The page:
Independent contractors can deduct the health insurance premiums they pay for themselves, their spouses, and their dependents. The deduction includes premiums paid for medical insurance, dental insurance, and long-term care insurance. The self-employed health insurance deduction reduces your income tax, but not your self-employment tax.
Independent contractors can make tax-deductible contributions to retirement plans. Besides traditional independent retirement accounts (IRAs) and Roth IRAs, independent contractors also can deduct up to $66,000 (for 2023) by setting money aside through a small business retirement plan, like a simplified employee pension-IRA (SEP-IRA) or a solo 401(k). As with health insurance, retirement contributions reduce your income tax but not your self-employment tax.
Independent contractors can write off the cost of computers, software, machinery, equipment, desks, chairs, and furniture. These types of expenses are referred to as depreciation deductions. Independent contractors can choose between deducting costs over several years or all at once in the year the equipment or other asset starts being used for business purposes using Section 179 or Bonus Depreciation.
Independent contractors can deduct costs related to driving their car, truck, or SUV for business. The tax-deductible portion is based on the number of miles the vehicle is driven for business compared to the total miles for the year. The purchase price is deducted as car depreciation.
Independent contractors can also deduct gas, insurance, registration fees, and repairs. Instead of deducting actual expenses, it’s much simpler to use IRS’s standard mileage rate, which is 65.5 cents per mile for 2023.
Independent contractors can take a deduction of up to 20% of their net earnings with this deduction. The IRS’s qualified business income deduction doesn’t require spending money, unlike other deductions. Instead, the amount of the deduction varies based on the independent contractor’s income for the year and the nature of their trade or business.
Independent contractors often hire subcontractors to help them complete their projects. Amounts paid for contract labor are tax-deductible. Be aware that independent contractors may need to report on Form 1099 the amounts paid to other contractors if they exceed $600 for the year.
See the series of 1099 forms in our guide to IRS Form 1099 reporting for small businesses.
Independent contractors can write off business expenses that are ordinary and necessary. This can include costs for liability insurance, phone service, internet service, business cards, memberships in professional organizations, professional education courses, office supplies, reference books, and tools.
For more information about business expenses, check out our article on IRS business expense categories. It includes a free worksheet of business expenses and their treatment.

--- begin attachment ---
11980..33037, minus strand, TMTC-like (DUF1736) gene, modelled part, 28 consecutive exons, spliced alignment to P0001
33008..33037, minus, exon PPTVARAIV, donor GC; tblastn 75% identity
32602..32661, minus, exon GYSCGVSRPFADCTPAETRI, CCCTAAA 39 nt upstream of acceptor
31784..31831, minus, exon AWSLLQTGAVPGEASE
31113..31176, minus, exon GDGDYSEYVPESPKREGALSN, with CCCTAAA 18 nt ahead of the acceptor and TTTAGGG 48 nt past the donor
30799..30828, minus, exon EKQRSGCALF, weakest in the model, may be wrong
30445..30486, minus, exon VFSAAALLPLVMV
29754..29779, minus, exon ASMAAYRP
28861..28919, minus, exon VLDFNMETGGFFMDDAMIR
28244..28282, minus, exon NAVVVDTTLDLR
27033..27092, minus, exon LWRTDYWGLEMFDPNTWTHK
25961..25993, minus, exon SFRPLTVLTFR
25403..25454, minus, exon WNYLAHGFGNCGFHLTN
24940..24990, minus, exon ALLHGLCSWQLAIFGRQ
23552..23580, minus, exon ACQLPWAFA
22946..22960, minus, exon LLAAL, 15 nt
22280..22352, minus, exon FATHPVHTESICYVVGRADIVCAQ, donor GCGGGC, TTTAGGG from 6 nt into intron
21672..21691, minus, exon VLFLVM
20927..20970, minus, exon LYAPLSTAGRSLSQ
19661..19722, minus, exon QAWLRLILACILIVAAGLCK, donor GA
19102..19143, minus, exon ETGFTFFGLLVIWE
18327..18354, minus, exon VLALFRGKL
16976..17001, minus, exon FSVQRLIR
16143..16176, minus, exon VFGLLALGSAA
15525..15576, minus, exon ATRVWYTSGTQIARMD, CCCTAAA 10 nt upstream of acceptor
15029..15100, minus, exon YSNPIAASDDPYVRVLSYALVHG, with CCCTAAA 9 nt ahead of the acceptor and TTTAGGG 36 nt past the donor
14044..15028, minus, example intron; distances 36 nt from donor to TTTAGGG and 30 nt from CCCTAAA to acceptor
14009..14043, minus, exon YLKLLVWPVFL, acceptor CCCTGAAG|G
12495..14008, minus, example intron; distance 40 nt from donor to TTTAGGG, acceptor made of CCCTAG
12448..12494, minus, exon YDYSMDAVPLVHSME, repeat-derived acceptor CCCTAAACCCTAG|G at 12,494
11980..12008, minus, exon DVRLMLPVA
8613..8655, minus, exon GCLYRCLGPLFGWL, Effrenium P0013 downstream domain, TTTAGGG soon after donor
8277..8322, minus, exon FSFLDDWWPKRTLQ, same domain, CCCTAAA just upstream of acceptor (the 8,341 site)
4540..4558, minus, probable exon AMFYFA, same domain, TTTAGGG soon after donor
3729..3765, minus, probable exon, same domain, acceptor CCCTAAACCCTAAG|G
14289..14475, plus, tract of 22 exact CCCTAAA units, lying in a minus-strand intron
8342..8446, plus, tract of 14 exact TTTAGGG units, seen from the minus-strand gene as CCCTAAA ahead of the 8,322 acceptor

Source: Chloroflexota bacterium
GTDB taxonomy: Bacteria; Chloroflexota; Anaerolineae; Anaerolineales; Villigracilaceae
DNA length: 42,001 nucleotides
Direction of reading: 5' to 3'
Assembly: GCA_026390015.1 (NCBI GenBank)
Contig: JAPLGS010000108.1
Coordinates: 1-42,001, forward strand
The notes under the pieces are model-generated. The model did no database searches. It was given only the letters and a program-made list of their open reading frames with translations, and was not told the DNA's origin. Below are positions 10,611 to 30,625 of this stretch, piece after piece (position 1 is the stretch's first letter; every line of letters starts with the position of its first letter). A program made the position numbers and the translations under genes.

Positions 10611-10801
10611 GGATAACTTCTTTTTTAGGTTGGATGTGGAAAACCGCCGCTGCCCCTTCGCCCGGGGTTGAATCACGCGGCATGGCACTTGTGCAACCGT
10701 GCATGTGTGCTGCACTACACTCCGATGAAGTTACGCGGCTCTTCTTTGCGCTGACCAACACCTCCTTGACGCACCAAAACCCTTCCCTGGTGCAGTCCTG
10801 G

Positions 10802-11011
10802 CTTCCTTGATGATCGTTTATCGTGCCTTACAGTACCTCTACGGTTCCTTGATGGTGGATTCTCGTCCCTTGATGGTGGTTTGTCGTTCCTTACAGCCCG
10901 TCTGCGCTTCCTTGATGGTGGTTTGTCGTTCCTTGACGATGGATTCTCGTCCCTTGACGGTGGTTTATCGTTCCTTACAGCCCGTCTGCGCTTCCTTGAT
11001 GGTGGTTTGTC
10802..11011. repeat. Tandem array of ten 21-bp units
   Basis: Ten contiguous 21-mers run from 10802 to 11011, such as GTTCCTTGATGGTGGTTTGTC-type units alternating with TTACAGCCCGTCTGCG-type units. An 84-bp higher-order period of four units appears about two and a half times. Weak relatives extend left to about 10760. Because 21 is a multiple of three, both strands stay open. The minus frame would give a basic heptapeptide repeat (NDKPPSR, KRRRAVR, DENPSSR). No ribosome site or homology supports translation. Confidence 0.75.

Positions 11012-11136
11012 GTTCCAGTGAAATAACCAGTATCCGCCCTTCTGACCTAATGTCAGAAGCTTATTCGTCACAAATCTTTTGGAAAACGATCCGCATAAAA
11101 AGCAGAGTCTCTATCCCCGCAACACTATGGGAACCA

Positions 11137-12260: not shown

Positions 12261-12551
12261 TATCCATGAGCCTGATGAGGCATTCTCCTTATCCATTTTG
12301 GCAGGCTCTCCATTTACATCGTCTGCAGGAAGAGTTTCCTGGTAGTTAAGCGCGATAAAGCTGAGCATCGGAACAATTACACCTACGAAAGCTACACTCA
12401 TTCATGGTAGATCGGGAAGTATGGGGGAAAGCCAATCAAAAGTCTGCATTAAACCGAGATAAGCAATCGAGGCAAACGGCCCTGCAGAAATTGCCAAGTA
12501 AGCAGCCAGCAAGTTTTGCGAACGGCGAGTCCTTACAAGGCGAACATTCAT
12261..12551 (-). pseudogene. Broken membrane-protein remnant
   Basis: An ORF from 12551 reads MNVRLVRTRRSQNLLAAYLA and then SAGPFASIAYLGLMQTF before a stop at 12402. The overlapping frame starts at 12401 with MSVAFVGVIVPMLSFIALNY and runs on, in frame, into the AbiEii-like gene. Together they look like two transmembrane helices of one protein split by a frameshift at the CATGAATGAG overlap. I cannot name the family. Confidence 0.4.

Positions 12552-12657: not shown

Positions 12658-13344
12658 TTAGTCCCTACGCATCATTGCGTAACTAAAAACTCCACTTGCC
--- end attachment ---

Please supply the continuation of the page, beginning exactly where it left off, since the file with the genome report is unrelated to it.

How To File Your Independent Contractor Taxes
Filing taxes as an independent contractor can be summarized in eight steps. While it’s important to understand the basics of filing your independent contractor tax return, we highly recommend using tax software or an online tax provider.
We recommend TaxAct as the best tax software for freelancers and the self-employed. And if you want help filing your taxes, Bench is a great online bookkeeping service that includes tax preparation. To learn more about these solutions, our TaxAct review and Bench review discuss their features, services, and prices in depth.
You’ll need to know how much money you received as an independent contractor and how much you spent on various tax-deductible expenses. You can do this using an accounting system such as QuickBooks Online, which will allow you to categorize the money you earn and spend throughout the year. The result is a detailed summary of your income and expenses.
Independent contractors report their self-employment income and business-related deductions on Schedule C. This schedule is included with the contractor’s Form 1040. Other income is also reported on Form 1040, such as interest, dividends, and rental income.
Your self-employment income flows from Schedule C to Schedule SE, where your self-employment tax is calculated. The tax calculated on Schedule SE will carry over to the taxes section of your Form 1040.
On your Form 1040, you must also list all of your other income, such as wages, interest, rental property income, and other similar sources. You also have to report non-business deductions—like itemized deductions, health insurance for self-employed people, charitable donations, and student loan interest.
Your Form 1040 combines both your income tax due and self-employment tax due to show your total tax liability. Any estimated tax payments you made during the year are subtracted, leaving you with either a balance due or a refund.